The numbers have a stark clarity: 55 per cent for, 45 per cent against. But if you were able to peer inside the minds of many who voted in Scotland’s referendum you would probably have found something much less simple, and much more contradictory: voters who wanted Scotland to be independent but didn’t want to leave the union, and voters who wanted to remain part of Great Britain but longed to throw in their lot with the nationalists. When it comes to complex and deeply felt issues, it is human nature to be ambivalent.
Ambivalence – the mental mess that exists before someone forces you to commit to a view – is an underrated and misunderstood phenomenon in politics. It is not indifference, though it’s sometimes mistaken for it. An ambivalent person holds contradictory views so strongly that neither will cede to the other; their ambivalence results from an excess, not a deficit, of opinion. When she votes, or when a pollster asks her a question, she forces this incoherence uncomfortably into one box or another.
Ambivalence is physical: we say, “on the one hand, on the other hand”, and we “waver” or “feel torn”. Researchers at the University of Amsterdam’s Uncertainty Lab presented students with information about a controversial employment law in the Netherlands. One group read a briefing that made a strong argument against the law, while another received a briefing that made both cases with equal force, a standard method for inducing ambivalence. The participants were then given a few minutes to think about it, while electrodes measured the moisture in their skin. Those in the ambivalent condition literally sweated over their decision.
In another experiment from the same lab, participants were asked to consider their view on a controversial issue while standing on a Wii balance board. Those experiencing ambivalence moved from side to side more than those who were not. The effect even worked in reverse: people moving from side to side on the board were more likely to feel ambivalent than people who were standing still or moving up and down.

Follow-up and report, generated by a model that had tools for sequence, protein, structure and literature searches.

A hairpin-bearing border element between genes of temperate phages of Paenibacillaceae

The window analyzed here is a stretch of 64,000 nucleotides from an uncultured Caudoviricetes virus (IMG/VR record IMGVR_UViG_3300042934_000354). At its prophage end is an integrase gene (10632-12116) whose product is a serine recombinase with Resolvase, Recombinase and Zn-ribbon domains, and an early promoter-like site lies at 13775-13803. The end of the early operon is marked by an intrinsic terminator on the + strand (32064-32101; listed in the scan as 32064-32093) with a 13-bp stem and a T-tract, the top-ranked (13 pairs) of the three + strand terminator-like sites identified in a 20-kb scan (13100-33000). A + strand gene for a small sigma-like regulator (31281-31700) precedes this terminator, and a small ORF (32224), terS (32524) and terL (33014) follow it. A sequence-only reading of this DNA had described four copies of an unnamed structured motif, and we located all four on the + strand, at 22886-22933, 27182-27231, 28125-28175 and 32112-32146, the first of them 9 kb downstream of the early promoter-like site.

Ambivalence is the dark matter of political debate: normal instruments cannot detect it. Pollsters find it hard to measure because it registers only as indifference on their five-point scales. But political scientists who study it (see, for example, this collection of essays), believe that people’s views on seemingly polarising issues are a lot less clear-cut than they seem. For instance, the way public opinion shifted so quickly and decisively on gay marriage in the US and UK suggested that, rather than being the result of people switching from one firmly held view to another, a build-up of ambivalence being resolved. People believed that marriage was a heterosexual institution and also that anyone should be able to marry who they liked. At a certain point, the latter view won out, but it would be wrong to say that these voters switched sides, since they were on both sides to begin with.
Something similar, I suspect, happened during the referendum campaign. We’ve heard that the Scots were divided against one another, but for many, if not most, the main division was internal. Those big movements in the polls – the Yes campaign gaining support fast in the month before the vote, the swing back to No in the final days – represented the roiling emotions of those torn between patriotism and empiricism, those twin poles of the Scottish character.
As Rick Nye of Populus has pointed out, a year before the referendum, nearly a third of voters were undecided, and most of them (70 per cent) were attracted to the idea of independence but wary of the accompanying economic risks – as close as you can get to polling evidence of an ambivalent mindset. The Better Together campaign, for all that it was accused of negativity (which, considering they were asking people to vote No, always seemed a tad unfair to me), succeeded in their core task of preventing those undecided voters from allowing their heart to overwhelm their mind – of reconciling their ambivalence into an unequivocally pro-independence position.
In the days following Scotland’s vote to stay in the United Kingdom, supporters of the “Yes” campaign could be heard expressing their belief that many of those who voted No had wanted to side with them had allowed the Better Together campaign to scare their heads into over-ruling their hearts. In a sense, they’re correct, but that can hardly be a consolation once you understand that the job of both campaigns was to gain the votes of those with divided sympathies.
Those on the pro-union side who longed for Alistair Darling to put the positive case for staying with the UK couldn’t see that the anxiety he communicated about separation effectively amplified the fears of the undecided (or that the strongest parts of Gordon Brown’s speech were negative: “It’s not about the fear of the unknown. It’s the risks of the known”). Perhaps they couldn’t see it because they weren’t sufficiently in touch with the ambivalence of many who wanted independence. The best political strategies are formulated by people who have empathy for opposing views.
If some No voters yearned to support independence , the reverse also applies. On the day of the referendum, the Guardian’s Michael White talked to an old soldier in a kilt, outside the cathedral of St Giles on Edinburgh’s Royal Mile. “As a patriotic Scot I’ll vote for Yes, hoping No will win,” he said. “So will lots of people.”